On paper, the Atlanta Braves assembled a team that should have ranked near the top of the league in terms of offensive output. With a nice balance of speed and power and the riddance of players such as Melky Cabrera and Nate McLouth, scoring should not have been an issue in 2011.
For one reason or another, it never quite clicked for this team offensively. It seemed like there was always one or two players on fire -- Jason Heyward in April, Brian McCann in May and June, Freddie Freeman in July, Dan Uggla in August, Chipper Jones in September -- but the lineup could never quite put it all together at the same time.
Injuries and bad approaches at the plate attributed to this, but something was simply off with this team.
That leaves Frank Wren and the Braves in a tricky situation in the offseason. If everyone in the lineup is relatively healthy and producing as they're capable of, it would be silly to unnecessarily spend money or prospects to bring new players into the organization. Atlanta already has a team capable of competing for a championship in 2012 and they are yet to make a single move.
This all being said, what if injuries arise next year? What if Jason Heyward continues to not hit left-handed pitching? What if Martin Prado brings his miserable second half of last season along with him into next season? For a lineup that is technically set for 2012, there sure are a lot of question marks remaining.
That is why it makes sense for the Braves to bring in an everyday corner outfielder.
While it seems foolish to list off names of potential candidates -- literally every player from Matt Kemp to Jeff Francoeur will be mentioned in the next few months -- there is plenty of reasoning behind the addition of a proven outfielder capable of playing both left and right field.
Martin Prado's greatest attribute is his versatility. Few players in this league can adequately handle multiple positions defensively and still manage to produce solid numbers with the bat. Capable of playing first, second and third base, as well as both corner outfield positions, it only makes sense for Prado to become a super-utility player for the Braves in 2012.
It may take away a few at-bats from gritty Venezuelan, but there is no denying Martin will see plenty of playing time in this role.
For one, Chipper Jones is going to miss time next season. The old man has averaged just under 120 starts in the last five seasons and he isn't getting any younger. Prado would be his immediate replacement and would likely make at least 40 starts at the position, if not more.
Both Freddie Freeman and Dan Uggla have track records of staying healthy throughout the long grind of a season, but both could always use a day of rest here and there. Assuming they both avoid injury in 2012 -- and that's far from guaranteed -- each would likely miss at least five or ten starts. Prado can handle both positions well and would make life easy on Fredi Gonzalez whenever he wished to give Freeman or Uggla a day off.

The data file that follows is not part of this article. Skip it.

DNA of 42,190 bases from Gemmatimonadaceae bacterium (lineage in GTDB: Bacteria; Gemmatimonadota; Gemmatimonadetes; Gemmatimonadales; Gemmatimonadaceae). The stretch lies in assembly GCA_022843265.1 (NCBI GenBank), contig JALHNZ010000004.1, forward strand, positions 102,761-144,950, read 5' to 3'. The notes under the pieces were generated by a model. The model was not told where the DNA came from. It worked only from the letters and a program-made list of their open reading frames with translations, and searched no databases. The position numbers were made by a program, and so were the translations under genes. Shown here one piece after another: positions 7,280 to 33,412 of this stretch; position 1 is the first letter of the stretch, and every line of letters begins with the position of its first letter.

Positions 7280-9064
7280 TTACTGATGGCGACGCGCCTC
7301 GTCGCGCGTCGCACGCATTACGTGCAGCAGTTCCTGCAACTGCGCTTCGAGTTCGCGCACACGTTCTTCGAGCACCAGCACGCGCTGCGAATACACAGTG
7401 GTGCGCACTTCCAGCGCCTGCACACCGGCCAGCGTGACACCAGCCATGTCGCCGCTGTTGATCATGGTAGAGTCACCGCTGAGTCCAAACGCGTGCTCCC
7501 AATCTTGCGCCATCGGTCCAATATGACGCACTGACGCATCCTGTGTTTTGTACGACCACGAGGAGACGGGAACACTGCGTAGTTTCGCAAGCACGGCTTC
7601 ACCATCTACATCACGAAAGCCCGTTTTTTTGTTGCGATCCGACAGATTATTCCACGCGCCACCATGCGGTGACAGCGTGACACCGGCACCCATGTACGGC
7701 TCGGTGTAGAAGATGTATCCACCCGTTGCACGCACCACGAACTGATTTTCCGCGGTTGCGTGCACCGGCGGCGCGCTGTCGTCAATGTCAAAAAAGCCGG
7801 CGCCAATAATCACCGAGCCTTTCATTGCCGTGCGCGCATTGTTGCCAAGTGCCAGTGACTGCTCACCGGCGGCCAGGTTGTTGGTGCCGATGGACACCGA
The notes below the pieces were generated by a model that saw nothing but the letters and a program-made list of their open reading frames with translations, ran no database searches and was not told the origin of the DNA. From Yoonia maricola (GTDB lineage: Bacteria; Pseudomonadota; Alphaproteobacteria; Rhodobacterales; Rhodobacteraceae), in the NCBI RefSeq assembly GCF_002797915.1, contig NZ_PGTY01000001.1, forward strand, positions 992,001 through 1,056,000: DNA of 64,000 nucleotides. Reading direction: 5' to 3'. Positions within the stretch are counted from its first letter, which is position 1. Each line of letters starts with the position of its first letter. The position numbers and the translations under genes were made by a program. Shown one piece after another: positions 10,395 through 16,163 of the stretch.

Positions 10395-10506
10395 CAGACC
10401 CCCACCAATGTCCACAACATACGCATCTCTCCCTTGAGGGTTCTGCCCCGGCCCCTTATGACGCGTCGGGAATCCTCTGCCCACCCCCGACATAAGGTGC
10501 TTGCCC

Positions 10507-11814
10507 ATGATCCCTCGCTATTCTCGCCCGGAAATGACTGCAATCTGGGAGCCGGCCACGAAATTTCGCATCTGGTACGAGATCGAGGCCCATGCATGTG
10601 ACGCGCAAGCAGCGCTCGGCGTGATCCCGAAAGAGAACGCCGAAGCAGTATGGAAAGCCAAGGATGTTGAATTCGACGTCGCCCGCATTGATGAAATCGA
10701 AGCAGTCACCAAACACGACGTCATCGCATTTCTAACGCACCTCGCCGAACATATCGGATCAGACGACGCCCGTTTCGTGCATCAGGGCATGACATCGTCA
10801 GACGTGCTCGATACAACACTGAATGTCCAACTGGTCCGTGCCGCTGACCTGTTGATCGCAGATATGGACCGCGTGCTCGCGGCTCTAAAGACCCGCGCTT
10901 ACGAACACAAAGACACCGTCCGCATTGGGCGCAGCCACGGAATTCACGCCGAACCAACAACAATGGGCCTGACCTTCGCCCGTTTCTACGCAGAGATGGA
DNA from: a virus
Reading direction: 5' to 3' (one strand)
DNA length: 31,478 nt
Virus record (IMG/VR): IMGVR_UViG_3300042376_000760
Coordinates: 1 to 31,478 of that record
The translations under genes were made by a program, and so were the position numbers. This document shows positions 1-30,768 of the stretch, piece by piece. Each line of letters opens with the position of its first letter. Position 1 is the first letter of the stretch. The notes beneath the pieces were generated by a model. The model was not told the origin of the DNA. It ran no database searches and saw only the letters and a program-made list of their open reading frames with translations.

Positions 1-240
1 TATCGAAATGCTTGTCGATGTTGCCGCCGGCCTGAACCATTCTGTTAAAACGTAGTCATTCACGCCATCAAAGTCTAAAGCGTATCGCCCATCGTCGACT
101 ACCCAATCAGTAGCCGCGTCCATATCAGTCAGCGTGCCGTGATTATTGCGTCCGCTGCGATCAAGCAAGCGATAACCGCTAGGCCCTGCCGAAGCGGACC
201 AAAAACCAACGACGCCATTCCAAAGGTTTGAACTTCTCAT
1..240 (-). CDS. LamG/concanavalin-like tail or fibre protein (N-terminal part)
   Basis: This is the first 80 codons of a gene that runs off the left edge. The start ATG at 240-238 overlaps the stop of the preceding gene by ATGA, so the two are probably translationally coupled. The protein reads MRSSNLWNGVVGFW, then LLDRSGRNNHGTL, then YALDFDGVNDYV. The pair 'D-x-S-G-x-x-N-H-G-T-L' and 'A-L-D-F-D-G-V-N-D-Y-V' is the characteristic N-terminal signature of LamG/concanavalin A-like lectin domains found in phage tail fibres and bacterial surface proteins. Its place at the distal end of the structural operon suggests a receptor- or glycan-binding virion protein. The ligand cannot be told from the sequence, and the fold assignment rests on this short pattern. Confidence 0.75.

Then there's Jason Heyward. While it remains foolish to take at-bats away from the talented right fielder whenever he is healthy, injuries have plagued him ever since making his way through the Minor Leagues. Heyward has made the trip to the disabled list three times in two seasons and it's tough to imagine Heyward not missing some time in 2012. The solution for right field is an easy one, just as it was with Chipper, Freeman and Uggla: insert Martin Prado into the lineup.
Finally, there is the new left fielder. For the sake of the article and an example to use, let's use Josh Willingham, a free agent outfielder who has been linked to the organization in the past. Even if Willingham -- or the newly acquired outfielder -- stays relatively healthy next season, the chances of a minor injury or him needing a few days off is almost guaranteed. Prado is more than capable of handling left field and would fill in perfectly.
Add together the time Prado would play while serving as the first baseman, second baseman, third baseman, left fielder and right fielder and he plays at least 120 games, if not more. And this is of course assuming Prado stays healthy for the entire season, something he has failed to do in both years since becoming the full-time starter.
I truly believe this is the best way to go about improving the offense for next season.
The Braves would have an excellent insurance policy for just about every position on the field and Prado still receives regular playing time, even if it comes at a different position on any given night of the week. His versatility is, after all, what made him so valuable to Atlanta as he made his way to the Major Leagues.